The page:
If there was a better way to obtain feedback on how the laser interacts (laser interaction) with a material, laser precision could be significantly improved. A production laser’s cutting and etching actions would be more controlled and less uncertain in this manner. Until now, this problem has proven to be surprisingly difficult to solve.
Despite decades of research into lasers and their applications, there have been few methods for precisely, efficiently, and directly observing fine details of their interactions with materials – laser interaction observation.
For the first time, researchers discovered a method to obtain such data from a production laser using low-cost equipment, which could vastly improve the accuracy of laser-cut or etched items. The prevalence of lasers could have far-reaching implications in laboratory, commercial, and industrial settings.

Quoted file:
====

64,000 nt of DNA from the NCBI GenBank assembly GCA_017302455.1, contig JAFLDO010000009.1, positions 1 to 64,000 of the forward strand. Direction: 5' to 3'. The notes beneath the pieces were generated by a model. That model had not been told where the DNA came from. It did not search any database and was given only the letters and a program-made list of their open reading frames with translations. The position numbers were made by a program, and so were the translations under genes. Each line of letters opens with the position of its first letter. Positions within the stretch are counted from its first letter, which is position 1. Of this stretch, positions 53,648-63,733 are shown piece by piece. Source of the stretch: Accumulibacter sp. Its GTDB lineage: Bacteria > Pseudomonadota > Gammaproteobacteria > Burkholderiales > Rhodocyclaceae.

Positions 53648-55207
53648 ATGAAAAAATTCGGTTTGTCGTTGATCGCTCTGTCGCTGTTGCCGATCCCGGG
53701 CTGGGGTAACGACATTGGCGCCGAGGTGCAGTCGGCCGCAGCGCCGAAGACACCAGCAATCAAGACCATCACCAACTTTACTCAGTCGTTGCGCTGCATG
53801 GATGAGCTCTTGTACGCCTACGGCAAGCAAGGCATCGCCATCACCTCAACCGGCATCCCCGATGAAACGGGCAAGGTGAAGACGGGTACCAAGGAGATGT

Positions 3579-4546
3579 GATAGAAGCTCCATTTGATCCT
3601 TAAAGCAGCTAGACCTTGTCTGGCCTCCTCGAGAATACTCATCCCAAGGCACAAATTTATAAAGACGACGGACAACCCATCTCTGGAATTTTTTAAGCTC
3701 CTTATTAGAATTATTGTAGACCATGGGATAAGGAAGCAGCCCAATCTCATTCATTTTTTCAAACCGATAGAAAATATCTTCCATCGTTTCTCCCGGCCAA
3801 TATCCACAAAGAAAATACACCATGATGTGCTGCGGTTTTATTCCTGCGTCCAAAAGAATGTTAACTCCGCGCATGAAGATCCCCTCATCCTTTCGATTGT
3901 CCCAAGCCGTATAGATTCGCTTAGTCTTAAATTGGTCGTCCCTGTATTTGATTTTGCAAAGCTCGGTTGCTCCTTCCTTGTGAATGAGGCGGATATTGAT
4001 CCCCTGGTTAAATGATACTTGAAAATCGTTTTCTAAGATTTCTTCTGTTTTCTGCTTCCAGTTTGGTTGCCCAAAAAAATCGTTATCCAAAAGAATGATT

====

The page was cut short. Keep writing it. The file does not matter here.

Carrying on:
To determine how far into a surface a laser has cut, tens or hundreds of depth readings are frequently required. It is a significant barrier to fast, automated laser-based manufacturing systems. As a result, they developed a new method for determining and predicting the depth of a hole created by laser pulses based on a single observation rather than tens or hundreds. This discovery represents a significant advancement in the controllability of laser processing.
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